Accordingly, the following are 5 TMI-caliber scenarios that have never played out in my real life.  Well, one did.  But I’m going to hide it amongst the other 4 so you can’t tell the difference.***

1.  At the ripe, budding age of 26, having spent 7 of the last 8 years in school, almost a third of my life has been dominated by roommate-living situations.  However, I have never had a roommate become so intoxicated that he barged into my room, late at night to give me the gift of being able to relate to the following song:
 

  
 
2.  I’ve never been adept at math.  Never.  I don’t like having to do it anywhere.  Anywhere.  And, necessarily, that includes while on a solo road trip between DC and New Jersey, on the bottom part of the Turnpike where there are virtually no rest areas, at 2 o’clock in the morning.  So, again, math I’ve never done out of necessity while in a car:
 

(empty cup) + #1 = relief.

  
  
3.  I am not a desperate man.  I am patient and kind; flatteringly so, I might add.  So, naturally, I have never gotten the “Spirit in the Dark” so badly, that I forgave a lady’s overly-curious domesticated animal for thinking its presence in the room meant it was invited to participate.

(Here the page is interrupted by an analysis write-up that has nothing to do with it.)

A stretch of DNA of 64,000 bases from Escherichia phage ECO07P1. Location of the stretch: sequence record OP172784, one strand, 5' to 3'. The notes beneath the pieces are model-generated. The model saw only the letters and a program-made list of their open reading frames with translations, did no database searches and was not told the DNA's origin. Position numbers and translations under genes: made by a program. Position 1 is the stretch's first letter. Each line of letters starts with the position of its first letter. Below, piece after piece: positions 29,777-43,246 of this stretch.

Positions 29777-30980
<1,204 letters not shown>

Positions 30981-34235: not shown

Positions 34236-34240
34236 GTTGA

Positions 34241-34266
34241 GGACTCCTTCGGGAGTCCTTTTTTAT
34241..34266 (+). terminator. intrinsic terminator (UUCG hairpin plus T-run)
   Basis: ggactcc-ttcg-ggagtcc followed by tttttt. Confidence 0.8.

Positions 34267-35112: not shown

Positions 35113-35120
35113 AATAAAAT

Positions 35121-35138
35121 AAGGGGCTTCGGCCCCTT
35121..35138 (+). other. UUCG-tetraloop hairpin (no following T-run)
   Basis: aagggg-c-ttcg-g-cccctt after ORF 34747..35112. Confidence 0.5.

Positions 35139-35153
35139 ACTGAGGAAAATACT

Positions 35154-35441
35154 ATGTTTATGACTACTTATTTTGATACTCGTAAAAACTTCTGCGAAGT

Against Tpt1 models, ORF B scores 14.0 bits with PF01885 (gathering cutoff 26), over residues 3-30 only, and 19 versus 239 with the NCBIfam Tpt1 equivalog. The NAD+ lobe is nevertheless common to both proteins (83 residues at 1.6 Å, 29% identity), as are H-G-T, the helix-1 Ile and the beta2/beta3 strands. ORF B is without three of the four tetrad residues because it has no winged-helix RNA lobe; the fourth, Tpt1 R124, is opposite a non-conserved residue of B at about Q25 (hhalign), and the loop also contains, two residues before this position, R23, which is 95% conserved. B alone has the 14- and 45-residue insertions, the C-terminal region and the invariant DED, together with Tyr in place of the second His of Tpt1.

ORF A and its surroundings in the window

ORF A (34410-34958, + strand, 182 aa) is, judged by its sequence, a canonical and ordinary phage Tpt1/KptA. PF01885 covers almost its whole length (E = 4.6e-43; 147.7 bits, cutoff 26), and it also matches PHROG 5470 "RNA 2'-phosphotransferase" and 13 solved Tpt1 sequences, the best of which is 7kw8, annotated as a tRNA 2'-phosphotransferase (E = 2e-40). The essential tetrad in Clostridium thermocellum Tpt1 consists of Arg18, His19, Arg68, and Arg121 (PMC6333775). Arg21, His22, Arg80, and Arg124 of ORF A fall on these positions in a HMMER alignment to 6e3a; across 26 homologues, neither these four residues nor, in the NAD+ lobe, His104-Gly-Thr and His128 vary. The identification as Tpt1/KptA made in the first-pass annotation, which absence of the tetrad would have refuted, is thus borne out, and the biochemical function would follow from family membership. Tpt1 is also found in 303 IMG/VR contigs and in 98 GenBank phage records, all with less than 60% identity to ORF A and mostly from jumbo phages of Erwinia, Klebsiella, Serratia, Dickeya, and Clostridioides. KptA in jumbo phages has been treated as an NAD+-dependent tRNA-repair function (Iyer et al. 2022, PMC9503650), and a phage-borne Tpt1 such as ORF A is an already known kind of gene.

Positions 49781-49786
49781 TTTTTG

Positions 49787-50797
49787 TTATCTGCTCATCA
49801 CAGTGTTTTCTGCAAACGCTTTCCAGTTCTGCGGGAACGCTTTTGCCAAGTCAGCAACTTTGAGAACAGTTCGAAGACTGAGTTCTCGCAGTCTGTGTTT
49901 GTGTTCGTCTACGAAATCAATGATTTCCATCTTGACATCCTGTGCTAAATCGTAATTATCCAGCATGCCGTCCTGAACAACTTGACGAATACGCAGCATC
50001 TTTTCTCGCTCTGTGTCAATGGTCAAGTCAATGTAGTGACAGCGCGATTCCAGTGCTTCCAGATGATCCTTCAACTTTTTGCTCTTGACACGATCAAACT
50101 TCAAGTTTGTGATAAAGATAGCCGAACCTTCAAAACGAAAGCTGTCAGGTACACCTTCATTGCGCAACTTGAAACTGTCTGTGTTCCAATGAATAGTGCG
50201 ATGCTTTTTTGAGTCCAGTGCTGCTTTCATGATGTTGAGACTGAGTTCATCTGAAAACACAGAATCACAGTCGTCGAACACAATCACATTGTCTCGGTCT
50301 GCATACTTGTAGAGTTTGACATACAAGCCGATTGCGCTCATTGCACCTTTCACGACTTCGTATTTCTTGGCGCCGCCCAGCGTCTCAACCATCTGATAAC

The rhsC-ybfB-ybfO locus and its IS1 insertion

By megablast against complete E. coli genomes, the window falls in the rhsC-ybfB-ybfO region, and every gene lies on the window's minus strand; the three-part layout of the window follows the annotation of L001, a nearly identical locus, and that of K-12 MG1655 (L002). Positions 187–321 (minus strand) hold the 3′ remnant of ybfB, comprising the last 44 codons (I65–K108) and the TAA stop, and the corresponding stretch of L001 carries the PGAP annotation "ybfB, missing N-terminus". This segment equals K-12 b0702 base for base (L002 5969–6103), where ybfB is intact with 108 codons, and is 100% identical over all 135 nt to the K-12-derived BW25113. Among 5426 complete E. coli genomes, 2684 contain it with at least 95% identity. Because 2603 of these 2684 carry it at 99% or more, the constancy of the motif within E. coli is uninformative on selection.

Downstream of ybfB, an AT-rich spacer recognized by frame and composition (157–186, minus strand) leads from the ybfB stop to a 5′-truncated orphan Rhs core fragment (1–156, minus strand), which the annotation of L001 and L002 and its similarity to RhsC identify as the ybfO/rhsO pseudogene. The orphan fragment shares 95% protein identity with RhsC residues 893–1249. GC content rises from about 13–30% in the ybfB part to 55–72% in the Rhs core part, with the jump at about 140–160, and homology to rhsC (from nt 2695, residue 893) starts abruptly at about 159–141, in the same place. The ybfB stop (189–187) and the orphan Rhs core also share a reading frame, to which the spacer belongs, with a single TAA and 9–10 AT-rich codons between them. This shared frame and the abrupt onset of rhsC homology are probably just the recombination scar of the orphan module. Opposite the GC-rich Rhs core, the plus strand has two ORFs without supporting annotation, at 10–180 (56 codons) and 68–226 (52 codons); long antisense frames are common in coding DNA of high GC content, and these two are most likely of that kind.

4.  I have never acted out of character; certainly never in the back of a jam-packed school bus.  And so I have never done/received such heavy petting in so public of a setting that while I wouldn’t have actually…
  

  
… I might have left a rather obvious “watermark,” for the whole world to see, in a place that needs no identifying signature.
  
  
5.  I have never been, am not now, and by the grace of jebus will never be the kind of guy who spent the night in a female friend’s bed — an actual, honest-to-goodness, seemingly-impossible-to-believe, you-still-probably-aren’t-buying-it-now, platonic, female friend’s bed — and to my surprise and hers woke up to find myself moving my hips towards her at a rate inappropriate for the platonic situation.  This is because my dreams are asexual and not vivid, and therefore the movement of my body during sleep is not vulgar.
 
  
Happy Thursday.

—–
*I know what I’m about to do, and I’m not proud of it.
**Spineless?  Probably.
***If you think you figured it out, click on the “Contact” tab above, or just hit me at franco.beans[at]gmail[dot]com, and we can talk about it over a drink or two.